It’s been a while since I last posted! So many things have happened in just 15 days! It’s really hard to believe that only two weeks ago, I was at the airport anxiously counting down the minutes for my flight to Buenos Aires!  After a wonderful two days in the capital, we flew to Mendoza on the 25th to meet our host families. During the entire two hour flight I remember trying to figure out some basic phrases I could say, but I fell asleep; and within minutes,  my heart was racing as I was pushing the cart loaded with my bags at the airport in Mendoza, greeted by smiling faces who were all holding up each of our names. My host mom was extremely welcoming and had the patience to speak very slowly with me so I could understand everything. Her daughters are also very generous and the house is wonderful! Arriving in Mendoza made me finally realize that I’m actually in Argentina for a semester, trying to integrate myself as a Mendocinian. In a lot of ways, the adjustment has been both much easier and harder than I expected. For one thing, I’m falling in love with the patio outside my window, the pack of small dogs that follow me down the street when I leave for class, the endless rows of palm trees, the beautiful parks, excellent weather, and the friendliness of the people. I also can’t get over the vivacious energy of Mendocinians: I can feel the excitement at bars and boliches even on Monday nights, the happy family picnics I see frequently when I go for runs at San Martin park, and how the people are constantly relaxed and know how to live life.  But at the same time, speaking Spanish 24/7 has been a challenge. While at this point, I’m comfortable enough to initiate conversations with my host family and no longer afraid to ask for directions on the street (no longer getting lost!), I also realized how much I have to learn. Classes at the University start in two weeks, and although I’m nervous, I’m ready for the challenge and excited to make more Argentine friends. 

Everything is passing by like a whirlwind and since I can’t describe everything, here are a few pictures below to describe my life so far!

Here is a brief video about the Vendimia festival. I apologize for the shakiness, for some reason I really couldn’t hold still!

I also apologize for the order. From the first picture: Mendoza sign at Plaza Independencia/palm trees/a scene from the Vendimia Festival/Vendimia parade on San Martin street/the Andes/man made lake at San Martin Park/IFSA love/Vendimia stage 1/Vendimia stage 2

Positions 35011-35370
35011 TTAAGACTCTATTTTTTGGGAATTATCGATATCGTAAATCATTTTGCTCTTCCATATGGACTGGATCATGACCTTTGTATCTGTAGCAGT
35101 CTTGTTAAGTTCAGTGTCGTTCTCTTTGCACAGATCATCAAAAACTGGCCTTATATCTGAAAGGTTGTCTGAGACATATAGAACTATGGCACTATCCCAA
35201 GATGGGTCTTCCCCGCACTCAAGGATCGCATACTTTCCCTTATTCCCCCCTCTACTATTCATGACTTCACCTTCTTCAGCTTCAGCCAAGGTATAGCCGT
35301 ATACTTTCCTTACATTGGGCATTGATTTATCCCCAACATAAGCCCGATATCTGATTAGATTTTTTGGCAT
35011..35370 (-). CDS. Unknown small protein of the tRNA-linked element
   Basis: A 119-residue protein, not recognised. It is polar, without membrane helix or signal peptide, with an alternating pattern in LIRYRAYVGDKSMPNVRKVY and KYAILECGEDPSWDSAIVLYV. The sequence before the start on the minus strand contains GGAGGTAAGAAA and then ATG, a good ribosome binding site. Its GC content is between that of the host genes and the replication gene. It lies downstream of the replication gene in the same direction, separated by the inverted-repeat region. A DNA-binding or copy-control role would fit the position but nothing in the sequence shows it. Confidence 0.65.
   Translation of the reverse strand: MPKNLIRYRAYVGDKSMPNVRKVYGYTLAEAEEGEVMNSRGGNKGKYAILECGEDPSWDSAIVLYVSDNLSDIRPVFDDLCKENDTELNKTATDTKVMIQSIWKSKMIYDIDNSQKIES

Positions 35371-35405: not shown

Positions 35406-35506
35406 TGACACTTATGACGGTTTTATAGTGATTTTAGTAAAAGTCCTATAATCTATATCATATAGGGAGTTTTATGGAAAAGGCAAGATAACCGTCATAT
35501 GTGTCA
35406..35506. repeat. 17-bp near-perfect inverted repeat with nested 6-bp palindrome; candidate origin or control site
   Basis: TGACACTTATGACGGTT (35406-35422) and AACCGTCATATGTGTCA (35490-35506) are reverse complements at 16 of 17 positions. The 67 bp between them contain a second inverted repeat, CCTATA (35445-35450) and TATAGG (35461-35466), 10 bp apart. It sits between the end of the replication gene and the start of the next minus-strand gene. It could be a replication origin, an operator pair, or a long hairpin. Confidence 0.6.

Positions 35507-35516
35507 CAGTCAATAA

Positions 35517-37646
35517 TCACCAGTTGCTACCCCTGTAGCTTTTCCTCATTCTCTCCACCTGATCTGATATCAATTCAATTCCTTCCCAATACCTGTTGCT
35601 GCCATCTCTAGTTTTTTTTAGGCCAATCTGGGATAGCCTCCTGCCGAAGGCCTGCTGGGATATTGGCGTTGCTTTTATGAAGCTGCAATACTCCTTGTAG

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leaving at last

Time February 20th, 2012 in College Study Abroad | No Comments by

Yesterday I received my host family information, which made me realize that I have four days left until I’ll be on a plane heading to Argentina! I’ll be living with a mom and her two teenage daughters. Their house is located 20 minutes near the university and close to several parks and public transit, according to Google Maps. The fact that I’m leaving so soon feels very unreal!

While most of my friends have returned to school, some are off on amazing adventures abroad. I ended the first half of my junior year in December, and since then, I’ve been jealously watching everyone pack their bags and begin their study abroad experiences. But after my long vacation, I can finally look forward to the 90 degree weather, (a welcome change from Boston weather, although it hasn’t been much of a winter so far), increasing my Spanish skills, a new environment, meeting new people, and learning about a new culture!

So far I have no idea what to expect, but one of my greatest fears is not being able to communicate in Spanish. Ever since middle school, I’ve take Latin, and it wasn’t until freshmen year of college that I decided to take Spanish (versus a “dead language”). I’ve studied Spanish for five semesters, but I’m very nervous that I won’t be able to communicate with my host family, understand my professors, and that I’ll have extreme difficulty in writing papers in Spanish, etc. Well if anything, I’ll have my potable Spanish dictionary on my Kindle that I can quickly access 😀 Overall, I feel that everything will turn out fine, but I just need to leave and start my adventure already!